How to clean up replica disks after VMWare Virtual Machine migration with Azure Migrate

During the lifecycle of an Azure IaaS migration project with Azure Migrate, it is advised to perform some additional cleanup actions once you have migrated a certain set of virtual machines.

The migration process

The following migration process is usually followed when migrating VMWare VM’s to Azure IaaS VM’s with Azure Migrate.

  1. Deploy Azure Migrate appliance
  2. Run Discovery Assessment
  3. Verify Application Dependency
  4. Create server migration groups
  5. Start replication with associated replication parameters
  6. Perform test migration
  7. Cleanup test migration
  8. Perform final migration
  9. Cleanup obsolete ASR disks!

Step 5 demystified – start replication

Starting as of step 5, the Azure Migrate appliance will be using Azure Site Recovery to start replicating your on-premises VMDK (virtual disk) files to the Subscription & Resource Group that you have selected in the migration settings.

Azure Site Recovery Disks
Azure Site Recovery Disks

As you can see, a specific naming convention is applied by default to the ASR disks.

asrseeddisk-(VMName)-GUID

Step 6 demystified – run test migration

Once the initial delta sync of your virtual machine has been completed, you are now able to perform a test migration.

There are multiple reasons why you should perform a test migration, a major one is to find out if your server and corresponding applications are working properly in Azure.

During the test migration, a snapshot is taken of the ASR disks and a new virtual machine is being created based upon your migration settings.

Please note that your VM is being created with a “test” suffix, to indicate that this machine is being “test migrated”.

The virtual disk names can be altered in the migration settings pane, however, it is advised to keep the disk names as is, to avoid any confusion.

At this point, you will have 3 replica sets of your virtual machine disks.

  1. The source on-premises VMDK files
  2. The replication Azure Site Recovery disks
  3. The target Azure Virtual Machine disks

Step 7 demystified – clean up test migration

Once you’ve confirmed that your virtual machine is Azure capable and corresponds to your needs, you can clean up the test migration.

Before cleaning up the test migration, make sure that you have documented or automated the steps that you have performed on this virtual machine. All changes made on the “test migration” Virtual Machine will be lost.

When performing a clean up of the test migration, the virtual machine and corresponding managed disks are being deleted.

Step 8 demystified – Perform final migration

During the final migration step, a final sync of the on-premises virtual machine will be made.

It is advised to mark the “shutdown local machine” option when performing the migration, this ensures that no data is being altered on the machine which is being migrated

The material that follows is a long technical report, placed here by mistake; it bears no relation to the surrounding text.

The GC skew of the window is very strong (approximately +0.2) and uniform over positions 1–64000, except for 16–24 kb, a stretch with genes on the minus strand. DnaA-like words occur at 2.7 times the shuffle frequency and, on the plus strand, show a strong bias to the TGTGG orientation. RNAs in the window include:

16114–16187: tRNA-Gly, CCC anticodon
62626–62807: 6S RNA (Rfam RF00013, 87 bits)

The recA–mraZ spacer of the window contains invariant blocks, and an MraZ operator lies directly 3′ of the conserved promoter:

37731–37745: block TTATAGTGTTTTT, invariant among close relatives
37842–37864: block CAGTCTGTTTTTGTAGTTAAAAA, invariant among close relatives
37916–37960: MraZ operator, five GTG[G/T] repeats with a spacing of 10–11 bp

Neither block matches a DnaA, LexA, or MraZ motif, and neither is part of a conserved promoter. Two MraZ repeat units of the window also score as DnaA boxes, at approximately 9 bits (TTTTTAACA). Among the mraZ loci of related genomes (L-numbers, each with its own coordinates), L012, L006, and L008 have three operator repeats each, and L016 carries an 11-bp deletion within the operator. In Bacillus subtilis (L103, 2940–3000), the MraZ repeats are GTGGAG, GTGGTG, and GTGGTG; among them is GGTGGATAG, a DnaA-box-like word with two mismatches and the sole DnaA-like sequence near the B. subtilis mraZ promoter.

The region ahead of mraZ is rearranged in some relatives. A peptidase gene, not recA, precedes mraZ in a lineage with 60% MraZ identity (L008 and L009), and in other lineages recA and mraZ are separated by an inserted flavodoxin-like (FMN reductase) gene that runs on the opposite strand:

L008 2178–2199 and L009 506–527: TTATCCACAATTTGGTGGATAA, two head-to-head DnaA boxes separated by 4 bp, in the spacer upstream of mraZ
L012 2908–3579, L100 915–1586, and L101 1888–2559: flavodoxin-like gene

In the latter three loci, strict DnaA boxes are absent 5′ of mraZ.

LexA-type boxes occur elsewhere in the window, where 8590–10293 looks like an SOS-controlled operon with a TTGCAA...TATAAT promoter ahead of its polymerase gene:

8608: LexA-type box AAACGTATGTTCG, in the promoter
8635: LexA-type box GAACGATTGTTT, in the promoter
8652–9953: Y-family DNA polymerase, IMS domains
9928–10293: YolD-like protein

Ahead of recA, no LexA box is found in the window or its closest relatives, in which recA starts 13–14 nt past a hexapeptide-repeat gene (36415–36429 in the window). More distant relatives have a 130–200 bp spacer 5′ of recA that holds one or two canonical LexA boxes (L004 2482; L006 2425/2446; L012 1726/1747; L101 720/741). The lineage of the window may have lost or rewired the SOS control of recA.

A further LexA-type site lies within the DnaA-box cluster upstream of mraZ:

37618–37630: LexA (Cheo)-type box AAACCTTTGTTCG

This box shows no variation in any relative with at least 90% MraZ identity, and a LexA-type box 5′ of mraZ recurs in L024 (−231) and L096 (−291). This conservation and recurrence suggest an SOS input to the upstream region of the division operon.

Like the test migration step, a new virtual machine is being created based on a snapshot of the latest version of the ASR disks. Once the migration has been completed. Make sure to validate the server en perform the necessary actions that you have performed during the test migration.

Your new virtual machine name will now have the exact naming convention as your on-premises virtual machine, including the attached virtual disks.

Step 9 demystified – Clean up ASR disks

When looking at your Azure Migrate project, you will find a mix of servers that have been migrated and/or are pending a test migration or clean up.

When browsing to your VM in Azure Migrate, select disks. Note down the replica disk names, these are the replica disks that are still stored as a managed disk within your target resource group.

To clean up the ASR disks, make sure to stop the replication as soon as your migration has been completed.

After having stopped the replication, the managed disks are deleted from your resource group.

Automation Script

Below script can be used in order to automate the clean up of migrated virtual machines.

#Migration Project Input Variables
$AzMigrateProjectName = "project name here"
$AzMigrateSubscriptionID = "subscription id here"
$AzMigrateResourceGroupName = "resource group name here"

#Required Modules
Write-Output "Required modules loading"
#Requires -Modules @{ ModuleName="Az.Accounts"; ModuleVersion="2.2.3" }
#Requires -Modules @{ ModuleName="Az.Migrate"; ModuleVersion="0.1.1" }

Import-Module Az.Accounts
Import-Module Az.Migrate

#Account Login
Disconnect-AzAccount
Login-AzAccount

Set-AzContext -SubscriptionId $AzMigrateSubscriptionID

#Clean up
$MigrationProject = Get-AzMigrateProject -Name $AzMigrateProjectName -SubscriptionId $AzMigrateSubscriptionID -ResourceGroupName $AzMigrateResourceGroupName

$MigrationStatus = Get-AzMigrateServerReplication -ResourceGroupName $AzMigrateResourceGroupName -ProjectName $AzMigrateProjectName -SubscriptionId $AzMigrateSubscriptionID | Where-Object {$_.MigrationState -eq "MigrationSucceeded"} | select MachineName, MigrationState, AllowedOperation, Id

foreach ($migrationobject in $MigrationStatus) {
    $ObjectID = Get-AzMigrateServerReplication -TargetObjectID $migrationobject.id
    Write-host "Following replication job will be removed: " $migrationobject.MachineName -foregroundcolor green
    Remove-AzMigrateServerReplication -InputObject $ObjectID
}



Thank you!

Thank you for reading through this blog post, I hope I have been able to assist in keeping your Azure Migration journey as lean and mean as possible.

If you encounter any new insights, feel free to drop me a comment or contact me via mail or other social media channels

Leave a Reply

Your email address will not be published. Required fields are marked *